Doc.SaveAs(this.SaveAsDialog.FileName);
}

Only act if the user presses the “Save” button, and when they do call the Documents SaveAs method, passing in the filename and path that the user selected.  This will save the document, but it still doesn’t feel just right.  If I call SaveAs from any program (MS Word included), the current document is changed to reflect the newly created document.  Calling the SaveAs function in this manner does not do that, so we need some code to mimic that behavior.

Cancel = true;
this.Application.Documents.Close();
this.Application.Documents.Open(this.SaveAsDialog.FileName);

First we cancel the calling save event, then we can close the current document and then open the new document.

And that’s it, now we have created our Word Add-In.  Before I show you the code in it’s entirety, we need to walk through the publish process.  Word Add-Ins are published using ClickOnce, and because it’s integrating into Word, it requires a certification to go along with it.  I didn’t want to spend the money on a Signed Cert., so I published it without one.  It’s easy to do if you can control the computer you are installing to.

First thing is to set up ClickOnce.  Right-click on your project file in Soultion Explorer and choose Properties, and then click on the Publish Tab:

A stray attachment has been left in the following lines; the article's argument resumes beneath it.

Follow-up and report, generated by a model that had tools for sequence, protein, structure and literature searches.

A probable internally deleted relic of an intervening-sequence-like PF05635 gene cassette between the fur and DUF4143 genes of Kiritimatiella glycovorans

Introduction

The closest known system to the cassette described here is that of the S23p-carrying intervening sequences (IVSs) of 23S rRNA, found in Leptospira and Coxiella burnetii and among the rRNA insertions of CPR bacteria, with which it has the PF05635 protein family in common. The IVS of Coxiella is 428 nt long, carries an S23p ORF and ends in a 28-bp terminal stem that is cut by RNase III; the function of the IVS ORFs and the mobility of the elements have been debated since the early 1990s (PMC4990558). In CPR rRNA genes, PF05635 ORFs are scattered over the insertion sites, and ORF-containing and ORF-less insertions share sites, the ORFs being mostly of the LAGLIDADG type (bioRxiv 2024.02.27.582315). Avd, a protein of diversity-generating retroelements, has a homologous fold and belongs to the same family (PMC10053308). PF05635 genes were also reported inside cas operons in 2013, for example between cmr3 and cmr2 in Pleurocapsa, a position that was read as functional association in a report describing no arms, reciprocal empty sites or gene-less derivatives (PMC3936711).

image

The first box is where the deployment files will be uploaded to.  I use ftp because I’m sending this to my website, but you could also choose to use a UNC path.  The nested box below that is where to go to download the installation files.  So, I upload to an ftp site, and then point to a webpage for the actual deployment.  In my case it’s http://www.karrapps.com/tempsaveintercept/TempSaveIntercept.vsto.

By default, the prerequisite options are set to allow the program to download and install any missing prereqs from each vendor’s web site.  I recommend leaving it this way.  If you need to change this behavior though, just click the Prerequisites button.

Your add-in will check for updates “every time the customization runs” by default.  For my purposes this isn’t really that important, so I clicked the Update button and set it to check every 1 day.  You can also select to never check for updates.

The Options buttons contains two sections; Description and Office Settings.  Here you can select a publishing language, define the publishers author, define the product name, and provide a support url.  Office settings include Solution name, and description as well as a choice between loading the Add-In at startup or on demand.